Affective Witnessing in the Courtroom
Bens, Jonas – 2020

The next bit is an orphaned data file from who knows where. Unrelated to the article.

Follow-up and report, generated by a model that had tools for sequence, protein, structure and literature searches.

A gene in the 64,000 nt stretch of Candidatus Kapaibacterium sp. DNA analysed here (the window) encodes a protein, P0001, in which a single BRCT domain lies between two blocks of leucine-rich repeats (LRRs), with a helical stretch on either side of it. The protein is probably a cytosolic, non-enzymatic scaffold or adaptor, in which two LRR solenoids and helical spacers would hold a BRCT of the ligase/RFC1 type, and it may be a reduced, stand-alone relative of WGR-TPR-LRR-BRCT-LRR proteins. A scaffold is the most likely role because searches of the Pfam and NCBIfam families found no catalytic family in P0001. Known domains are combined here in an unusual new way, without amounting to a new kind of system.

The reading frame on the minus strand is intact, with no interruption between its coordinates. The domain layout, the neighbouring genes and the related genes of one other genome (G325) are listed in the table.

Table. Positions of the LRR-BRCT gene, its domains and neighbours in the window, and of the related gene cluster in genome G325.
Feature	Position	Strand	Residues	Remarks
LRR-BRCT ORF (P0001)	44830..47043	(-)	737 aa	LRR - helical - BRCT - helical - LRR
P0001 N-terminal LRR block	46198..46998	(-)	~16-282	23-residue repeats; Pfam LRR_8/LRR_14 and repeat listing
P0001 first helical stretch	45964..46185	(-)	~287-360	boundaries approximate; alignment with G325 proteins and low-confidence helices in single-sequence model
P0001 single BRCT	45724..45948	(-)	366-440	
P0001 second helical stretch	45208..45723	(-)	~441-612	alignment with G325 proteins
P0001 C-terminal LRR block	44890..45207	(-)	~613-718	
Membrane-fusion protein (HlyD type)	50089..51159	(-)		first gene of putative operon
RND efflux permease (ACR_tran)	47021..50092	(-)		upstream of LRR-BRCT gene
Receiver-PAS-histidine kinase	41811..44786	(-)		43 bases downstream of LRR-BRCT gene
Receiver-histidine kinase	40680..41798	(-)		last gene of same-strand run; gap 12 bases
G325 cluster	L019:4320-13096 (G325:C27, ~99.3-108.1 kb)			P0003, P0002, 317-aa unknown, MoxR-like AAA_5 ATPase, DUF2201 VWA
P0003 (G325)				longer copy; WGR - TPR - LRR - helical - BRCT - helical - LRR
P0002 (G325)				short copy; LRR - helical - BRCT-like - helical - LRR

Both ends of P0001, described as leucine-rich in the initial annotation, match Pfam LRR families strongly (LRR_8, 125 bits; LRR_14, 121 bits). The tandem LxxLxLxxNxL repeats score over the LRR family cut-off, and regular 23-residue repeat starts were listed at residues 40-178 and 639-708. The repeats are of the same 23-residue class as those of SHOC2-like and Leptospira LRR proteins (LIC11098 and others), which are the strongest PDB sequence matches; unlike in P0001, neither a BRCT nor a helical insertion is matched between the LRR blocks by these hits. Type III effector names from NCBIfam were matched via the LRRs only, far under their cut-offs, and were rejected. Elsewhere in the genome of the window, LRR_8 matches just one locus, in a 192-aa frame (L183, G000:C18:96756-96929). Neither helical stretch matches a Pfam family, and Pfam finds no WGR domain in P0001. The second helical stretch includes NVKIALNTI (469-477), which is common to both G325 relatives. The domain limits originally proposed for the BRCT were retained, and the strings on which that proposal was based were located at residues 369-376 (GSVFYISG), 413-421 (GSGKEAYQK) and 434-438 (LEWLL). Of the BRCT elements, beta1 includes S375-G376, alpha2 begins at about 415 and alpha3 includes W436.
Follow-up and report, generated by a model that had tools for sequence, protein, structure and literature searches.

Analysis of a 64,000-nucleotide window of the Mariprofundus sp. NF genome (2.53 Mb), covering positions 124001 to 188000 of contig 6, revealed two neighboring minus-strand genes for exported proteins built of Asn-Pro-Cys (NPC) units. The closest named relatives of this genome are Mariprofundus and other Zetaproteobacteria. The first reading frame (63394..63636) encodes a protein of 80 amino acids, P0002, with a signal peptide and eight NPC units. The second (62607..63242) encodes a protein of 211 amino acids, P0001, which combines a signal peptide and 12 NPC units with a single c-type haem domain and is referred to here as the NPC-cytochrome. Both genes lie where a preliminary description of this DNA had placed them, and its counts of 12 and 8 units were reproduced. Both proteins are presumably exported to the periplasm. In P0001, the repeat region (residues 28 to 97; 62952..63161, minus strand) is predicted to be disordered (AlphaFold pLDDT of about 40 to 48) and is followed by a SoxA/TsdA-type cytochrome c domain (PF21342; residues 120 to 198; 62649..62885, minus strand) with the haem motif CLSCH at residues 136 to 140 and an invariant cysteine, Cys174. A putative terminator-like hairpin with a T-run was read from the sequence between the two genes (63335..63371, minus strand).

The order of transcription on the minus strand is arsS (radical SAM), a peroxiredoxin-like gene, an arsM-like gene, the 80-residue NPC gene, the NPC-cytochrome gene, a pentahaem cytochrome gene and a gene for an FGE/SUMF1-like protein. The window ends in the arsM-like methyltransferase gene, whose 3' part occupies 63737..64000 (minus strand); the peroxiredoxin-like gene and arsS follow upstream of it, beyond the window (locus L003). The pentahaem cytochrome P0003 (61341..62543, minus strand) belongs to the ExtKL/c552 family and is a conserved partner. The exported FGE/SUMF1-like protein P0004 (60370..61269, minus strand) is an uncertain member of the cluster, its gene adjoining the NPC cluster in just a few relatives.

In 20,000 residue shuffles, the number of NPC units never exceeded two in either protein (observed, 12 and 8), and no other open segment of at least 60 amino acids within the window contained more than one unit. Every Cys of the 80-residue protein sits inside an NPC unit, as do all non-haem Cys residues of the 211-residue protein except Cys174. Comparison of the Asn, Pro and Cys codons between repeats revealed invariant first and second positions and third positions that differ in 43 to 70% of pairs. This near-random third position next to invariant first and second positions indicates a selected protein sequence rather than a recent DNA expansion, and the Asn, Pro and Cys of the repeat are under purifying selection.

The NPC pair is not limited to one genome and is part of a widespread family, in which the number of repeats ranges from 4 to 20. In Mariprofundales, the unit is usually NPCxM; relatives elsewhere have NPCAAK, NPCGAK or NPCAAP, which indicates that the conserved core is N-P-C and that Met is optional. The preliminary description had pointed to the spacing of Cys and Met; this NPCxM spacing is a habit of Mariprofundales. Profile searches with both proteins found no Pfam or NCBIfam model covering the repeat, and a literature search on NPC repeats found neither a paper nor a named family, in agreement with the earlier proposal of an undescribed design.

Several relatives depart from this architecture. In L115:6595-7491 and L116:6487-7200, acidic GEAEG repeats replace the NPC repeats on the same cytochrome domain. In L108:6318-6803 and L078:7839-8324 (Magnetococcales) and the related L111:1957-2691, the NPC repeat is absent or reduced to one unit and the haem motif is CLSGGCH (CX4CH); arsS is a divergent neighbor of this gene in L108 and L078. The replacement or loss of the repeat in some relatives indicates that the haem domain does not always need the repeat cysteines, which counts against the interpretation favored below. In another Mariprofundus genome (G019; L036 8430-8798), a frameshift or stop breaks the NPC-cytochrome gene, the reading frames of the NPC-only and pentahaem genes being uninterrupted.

On 22 January 2016 I was seated in the visitors’ gallery of courtroom one at the International Criminal Court in The Hague, The Netherlands. 1 On the docket that day was the Confirmation of Charges Hearing against Dominic Ongwen, a Ugandan national in his forties and a former high-ranking com- mander of the Lord’s Resistance Army, a rebel force from northern Uganda. Ongwen was accused of having committed war crimes and crimes against humanity during a military conflict with the Ugandan government in the early 2000s. On that day, the prosecution played a short video that had been recorded by Ugandan army investigators shortly after the Lord’s Resistance Army had attacked a camp for internally displaced persons. The video depicted several dead bodies of small children, some of them under three years old. The dead bodies were mutilated and partly burned. Before she showed the gruesome video, the prosecution lawyer described the contents in a dispassionate manner, showing no sign of affection. She added that she had to warn members of the public that the images could be disturbing – still in the same monotonous and disinterested tone of voice, avoiding the display of any expression on her face.